Metro Link released a software-accelerated version of SGI's OpenGL for Linux. Metro OpenGL (MOGL) is an environment for developing 2-D and 3-D graphics applications. OpenGL runs on a variety of platforms without the need to rewrite applications for each system's graphics driver. Rotating, bouncing blobs can be displayed and interactively controlled on screen via 250 OpenGL routines. Objects can be rendered in wireframe, shaded-solid, and transparent modes–with user-definable textures, surfaces, and other attributes. Metro OpenGL for Linux is US$199.
Evans & Sutherland Computer Corporation (E&S) and Portable Graphics, Inc., a wholly-owned subsidiary of E&S, announced the availability of OpenGL for Linux from E&S. OpenGL for Linux is a software implementation of the OpenGL Sample Implementation from SGI that runs as an extension to the standard X-Windows package on Linux. It can be used to write, compile and run OpenGL applications. OpenGL for Linux passes the OpenGL conformance test suites for all currently shipping servers. A LinkKit is provided to allow users to configure additional extensions and video drivers as needed. E&S Open GL costs US$79.00 plus shipping and handling.
Contact Portable Graphics P. O. Box 161002, Austin, TX 78716. Phone: 800-580-1160 (512-306-0460). Fax: 800-580-0616 (512-306-0016). E-mail: email@example.com.
DIOSS Corp. has released Distributed Interface Object Server System (DIOSS) Version 1.0, a development and delivery system for X/Motif applications. DIOSS lets you create X/Motif based applications and does not require linking in X/Motif object code. DIOSS separates the application from the windowing system overhead by providing a Remote Procedure Call (RPC) based interface object background daemon which services all interface creation requests and events (call it a Motif Server).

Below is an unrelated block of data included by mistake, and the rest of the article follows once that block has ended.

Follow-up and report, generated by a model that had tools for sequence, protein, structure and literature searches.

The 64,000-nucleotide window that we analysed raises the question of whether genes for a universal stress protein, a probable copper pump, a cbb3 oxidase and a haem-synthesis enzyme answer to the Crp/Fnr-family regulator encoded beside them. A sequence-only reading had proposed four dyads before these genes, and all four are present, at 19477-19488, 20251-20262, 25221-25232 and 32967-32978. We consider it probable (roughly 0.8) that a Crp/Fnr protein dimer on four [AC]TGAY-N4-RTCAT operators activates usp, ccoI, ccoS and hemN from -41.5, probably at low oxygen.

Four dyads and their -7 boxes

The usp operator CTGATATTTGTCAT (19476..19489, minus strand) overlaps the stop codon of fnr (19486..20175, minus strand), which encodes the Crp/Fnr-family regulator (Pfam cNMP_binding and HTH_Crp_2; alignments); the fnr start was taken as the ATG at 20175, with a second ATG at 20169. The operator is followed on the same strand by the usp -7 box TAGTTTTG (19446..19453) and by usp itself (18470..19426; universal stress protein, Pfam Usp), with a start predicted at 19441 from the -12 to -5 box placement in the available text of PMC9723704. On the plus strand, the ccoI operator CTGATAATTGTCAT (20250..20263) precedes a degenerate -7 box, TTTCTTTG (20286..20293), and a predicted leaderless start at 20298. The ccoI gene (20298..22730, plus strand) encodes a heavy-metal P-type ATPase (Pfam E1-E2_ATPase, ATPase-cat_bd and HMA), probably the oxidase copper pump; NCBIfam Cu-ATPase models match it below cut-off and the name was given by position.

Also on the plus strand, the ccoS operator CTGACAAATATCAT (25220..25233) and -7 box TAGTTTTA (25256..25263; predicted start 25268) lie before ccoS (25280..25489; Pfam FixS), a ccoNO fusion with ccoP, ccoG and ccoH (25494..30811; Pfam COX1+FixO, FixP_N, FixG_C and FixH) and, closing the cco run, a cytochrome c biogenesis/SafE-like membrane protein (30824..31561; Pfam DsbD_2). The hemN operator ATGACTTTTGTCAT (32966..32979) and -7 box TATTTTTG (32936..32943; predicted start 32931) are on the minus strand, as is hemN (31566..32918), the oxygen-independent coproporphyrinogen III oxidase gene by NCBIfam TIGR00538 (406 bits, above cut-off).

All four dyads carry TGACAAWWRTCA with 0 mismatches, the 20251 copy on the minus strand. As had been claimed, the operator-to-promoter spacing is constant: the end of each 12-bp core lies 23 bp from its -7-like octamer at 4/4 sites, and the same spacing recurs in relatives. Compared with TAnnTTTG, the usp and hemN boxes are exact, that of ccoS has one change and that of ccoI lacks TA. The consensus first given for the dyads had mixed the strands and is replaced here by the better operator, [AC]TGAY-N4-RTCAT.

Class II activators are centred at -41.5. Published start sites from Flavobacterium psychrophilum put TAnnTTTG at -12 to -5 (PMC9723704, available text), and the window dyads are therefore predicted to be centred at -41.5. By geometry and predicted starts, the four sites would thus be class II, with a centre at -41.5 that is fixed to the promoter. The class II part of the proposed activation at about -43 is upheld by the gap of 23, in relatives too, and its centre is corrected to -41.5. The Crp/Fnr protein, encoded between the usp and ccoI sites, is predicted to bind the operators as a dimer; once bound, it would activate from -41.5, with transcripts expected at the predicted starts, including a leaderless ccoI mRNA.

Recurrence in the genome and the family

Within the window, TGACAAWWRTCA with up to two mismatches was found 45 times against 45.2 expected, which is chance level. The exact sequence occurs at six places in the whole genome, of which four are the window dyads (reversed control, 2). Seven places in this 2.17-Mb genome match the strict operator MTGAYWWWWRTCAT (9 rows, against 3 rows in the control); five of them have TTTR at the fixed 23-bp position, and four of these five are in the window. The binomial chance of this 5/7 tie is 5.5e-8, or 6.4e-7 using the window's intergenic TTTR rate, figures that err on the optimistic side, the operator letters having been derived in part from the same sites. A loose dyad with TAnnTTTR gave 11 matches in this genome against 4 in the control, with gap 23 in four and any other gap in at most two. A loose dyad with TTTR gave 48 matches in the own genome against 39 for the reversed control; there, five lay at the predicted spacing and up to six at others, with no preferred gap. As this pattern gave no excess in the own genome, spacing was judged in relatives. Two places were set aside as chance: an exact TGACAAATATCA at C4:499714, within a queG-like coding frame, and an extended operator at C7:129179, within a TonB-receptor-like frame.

Practical Task Scheduling Deployment
July 20, 2016 12:00 pm CDT
One of the best things about the UNIX environment (aside from being stable and efficient) is the vast array of software tools available to help you do your job. Traditionally, a UNIX tool does only one thing, but does that one thing very well. For example, grep is very easy to use and can search vast amounts of data quickly. The find tool can find a particular file or files based on all kinds of criteria. It's pretty easy to string these tools together to build even more powerful tools, such as a tool that finds all of the .log files in the /home directory and searches each one for a particular entry. This erector-set mentality allows UNIX system administrators to seem to always have the right tool for the job.
Cron traditionally has been considered another such a tool for job scheduling, but is it enough? This webinar considers that very question. The first part builds on a previous Geek Guide, Beyond Cron, and briefly describes how to know when it might be time to consider upgrading your job scheduling infrastructure. The second part presents an actual planning and implementation framework.
Join Linux Journal's Mike Diehl and Pat Cameron of Help Systems.
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- SUSE LLC's SUSE Manager
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- Non-Linux FOSS: Caffeine!
- Tech Tip: Really Simple HTTP Server with Python
- Doing for User Space What We Did for Kernel Space
- Parsing an RSS News Feed with a Bash Script
- Rogue Wave Software's Zend Server
- SuperTuxKart 0.9.2 Released
With all the industry talk about the benefits of Linux on Power and all the performance advantages offered by its open architecture, you may be considering a move in that direction. If you are thinking about analytics, big data and cloud computing, you would be right to evaluate Power. The idea of using commodity x86 hardware and replacing it every three years is an outdated cost model. It doesn’t consider the total cost of ownership, and it doesn’t consider the advantage of real processing power, high-availability and multithreading like a demon.
This ebook takes a look at some of the practical applications of the Linux on Power platform and ways you might bring all the performance power of this open architecture to bear for your organization. There are no smoke and mirrors here—just hard, cold, empirical evidence provided by independent sources. I also consider some innovative ways Linux on Power will be used in the future.Get the Guide